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Trapped sunlight cleans water


January 24, 2011
By American Institute of Physics (AIP)

January 21, 2011 –
High-energy costs are one drawback of making clean water from waste effluents. According to an article in
the journal Biomicrofluidics, published by the American Institute of Physics, a
new system that combines two different technologies proposes to break down
contaminants using the cheapest possible energy source, sunlight. Microfluidics
– transporting water through tiny channels – and photocatalysis – using light
to break down impurities – come together in the science of optofluidics.

January 21, 2011 –
High-energy costs are one drawback of making clean water from waste effluents. According to an article in
the journal Biomicrofluidics, published by the American Institute of Physics, a
new system that combines two different technologies proposes to break down
contaminants using the cheapest possible energy source, sunlight. Microfluidics
– transporting water through tiny channels – and photocatalysis – using light
to break down impurities – come together in the science of optofluidics.

“These two technologies
have been developed in parallel but there have been few efforts to employ the
natural synergy between them,” says author Xuming Zhang of the Hong Kong
Polytechnic University
. “Our results showed a dramatic improvement in the
efficiency of the photocatalyst.”

The researchers fabricated
a planar microfluidic reactor, or microreactor, which is essentially a
rectangular chamber made of two glass plates coated with titanium dioxide, the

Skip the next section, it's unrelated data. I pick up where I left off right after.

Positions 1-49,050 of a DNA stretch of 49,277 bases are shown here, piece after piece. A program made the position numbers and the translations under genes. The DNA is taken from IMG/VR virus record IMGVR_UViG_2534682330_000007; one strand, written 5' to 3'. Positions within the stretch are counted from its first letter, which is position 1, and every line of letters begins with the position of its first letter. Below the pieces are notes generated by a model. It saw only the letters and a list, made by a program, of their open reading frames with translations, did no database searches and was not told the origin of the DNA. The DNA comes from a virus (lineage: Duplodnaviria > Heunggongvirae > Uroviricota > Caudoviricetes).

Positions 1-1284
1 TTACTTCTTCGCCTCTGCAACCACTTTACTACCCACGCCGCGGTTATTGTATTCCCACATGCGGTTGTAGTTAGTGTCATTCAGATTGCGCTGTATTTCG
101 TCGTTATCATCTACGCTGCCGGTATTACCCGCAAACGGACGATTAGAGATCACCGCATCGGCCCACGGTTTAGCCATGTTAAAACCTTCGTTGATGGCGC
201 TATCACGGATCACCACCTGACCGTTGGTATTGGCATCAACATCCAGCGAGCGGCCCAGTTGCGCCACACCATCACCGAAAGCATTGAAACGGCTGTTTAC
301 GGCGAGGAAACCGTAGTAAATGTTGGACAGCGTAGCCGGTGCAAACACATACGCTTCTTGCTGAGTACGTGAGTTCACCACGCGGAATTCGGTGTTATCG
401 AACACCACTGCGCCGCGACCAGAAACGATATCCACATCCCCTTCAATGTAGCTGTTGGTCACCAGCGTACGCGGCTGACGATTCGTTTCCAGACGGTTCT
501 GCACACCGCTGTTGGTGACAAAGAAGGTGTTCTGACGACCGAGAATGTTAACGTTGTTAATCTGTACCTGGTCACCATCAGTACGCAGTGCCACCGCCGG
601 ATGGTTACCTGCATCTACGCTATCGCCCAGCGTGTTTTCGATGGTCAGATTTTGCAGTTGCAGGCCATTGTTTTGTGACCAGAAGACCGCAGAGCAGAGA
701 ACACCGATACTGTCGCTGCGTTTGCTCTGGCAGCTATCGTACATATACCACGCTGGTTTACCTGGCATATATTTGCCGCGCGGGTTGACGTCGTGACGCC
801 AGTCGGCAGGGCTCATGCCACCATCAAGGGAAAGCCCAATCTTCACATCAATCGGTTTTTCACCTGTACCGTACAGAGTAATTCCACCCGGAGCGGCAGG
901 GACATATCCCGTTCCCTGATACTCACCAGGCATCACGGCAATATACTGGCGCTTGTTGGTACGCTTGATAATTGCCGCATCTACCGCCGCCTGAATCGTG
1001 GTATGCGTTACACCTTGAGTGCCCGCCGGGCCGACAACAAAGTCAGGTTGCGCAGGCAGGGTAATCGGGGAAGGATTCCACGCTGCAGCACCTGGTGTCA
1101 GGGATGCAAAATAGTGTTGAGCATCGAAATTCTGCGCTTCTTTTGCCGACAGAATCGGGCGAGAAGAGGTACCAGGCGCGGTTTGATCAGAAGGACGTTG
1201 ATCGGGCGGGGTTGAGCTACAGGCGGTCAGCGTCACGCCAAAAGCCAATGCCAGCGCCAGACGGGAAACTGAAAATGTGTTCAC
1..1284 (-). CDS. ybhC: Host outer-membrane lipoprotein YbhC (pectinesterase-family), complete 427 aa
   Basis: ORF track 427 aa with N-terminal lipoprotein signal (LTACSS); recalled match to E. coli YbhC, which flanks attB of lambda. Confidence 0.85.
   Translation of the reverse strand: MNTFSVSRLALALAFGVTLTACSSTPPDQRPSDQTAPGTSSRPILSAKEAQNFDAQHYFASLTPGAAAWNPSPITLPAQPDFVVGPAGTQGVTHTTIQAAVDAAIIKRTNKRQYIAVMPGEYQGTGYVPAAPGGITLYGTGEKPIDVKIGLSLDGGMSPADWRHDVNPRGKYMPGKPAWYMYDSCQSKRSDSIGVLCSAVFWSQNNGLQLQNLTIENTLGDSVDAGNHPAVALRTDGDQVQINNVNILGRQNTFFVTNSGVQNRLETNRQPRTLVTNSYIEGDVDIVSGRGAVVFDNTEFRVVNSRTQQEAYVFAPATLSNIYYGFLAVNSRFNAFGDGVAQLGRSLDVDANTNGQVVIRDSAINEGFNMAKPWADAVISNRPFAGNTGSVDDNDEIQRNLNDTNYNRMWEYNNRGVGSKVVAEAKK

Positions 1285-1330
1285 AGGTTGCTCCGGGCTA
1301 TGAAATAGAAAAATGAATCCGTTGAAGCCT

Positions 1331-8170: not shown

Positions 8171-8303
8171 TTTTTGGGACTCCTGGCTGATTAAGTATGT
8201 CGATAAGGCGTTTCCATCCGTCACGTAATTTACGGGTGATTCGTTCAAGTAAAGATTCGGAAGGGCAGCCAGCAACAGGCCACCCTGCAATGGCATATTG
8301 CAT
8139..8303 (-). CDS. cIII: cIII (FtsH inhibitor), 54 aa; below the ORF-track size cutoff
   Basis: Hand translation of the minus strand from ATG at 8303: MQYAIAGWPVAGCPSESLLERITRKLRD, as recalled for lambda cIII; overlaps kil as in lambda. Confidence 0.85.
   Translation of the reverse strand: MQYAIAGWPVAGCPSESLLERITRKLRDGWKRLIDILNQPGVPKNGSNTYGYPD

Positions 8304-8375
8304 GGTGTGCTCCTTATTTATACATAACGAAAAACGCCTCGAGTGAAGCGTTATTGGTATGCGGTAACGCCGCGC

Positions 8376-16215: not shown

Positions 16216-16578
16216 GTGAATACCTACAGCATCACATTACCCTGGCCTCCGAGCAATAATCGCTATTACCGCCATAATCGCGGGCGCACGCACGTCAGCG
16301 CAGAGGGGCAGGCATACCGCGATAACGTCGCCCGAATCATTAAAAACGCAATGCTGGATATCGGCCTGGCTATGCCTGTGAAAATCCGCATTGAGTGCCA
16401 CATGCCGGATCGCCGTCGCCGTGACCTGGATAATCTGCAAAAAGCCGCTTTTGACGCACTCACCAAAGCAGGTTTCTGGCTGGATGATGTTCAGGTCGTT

active ingredient in many sunscreen lotions. On exposure to sunlight, the
coating releases electrons that react with contaminants in the water and break
them down into harmless substances. This is the photocatalysis part of the
process. The high surface area of the microreactor enhances the ability of the
catalyst to capture sunlight. Although the gap between plates is small, Zhang
plans to expand the rectangular dimensions to two square meters.

“Our current small-scale
proves the concept but we are also scaling up the reactor to a throughput of
1,000 liter per hour,” he says.

If the larger reactor
proves effective, many parallel devices might be used to handle industrial
water treatment applications.

The article,
"Optofluidic planar reactors for photocatalytic water treatment using
solar energy" by Lei Lei, Ning Wang, Xuming Zhang, Qidong Tai, Din Ping
Tsai, and Helen L. Chan appears in the journal Biomicrofluidics. See:
http://link.aip.org/link/biomgb/v4/i4/p043004/s1.


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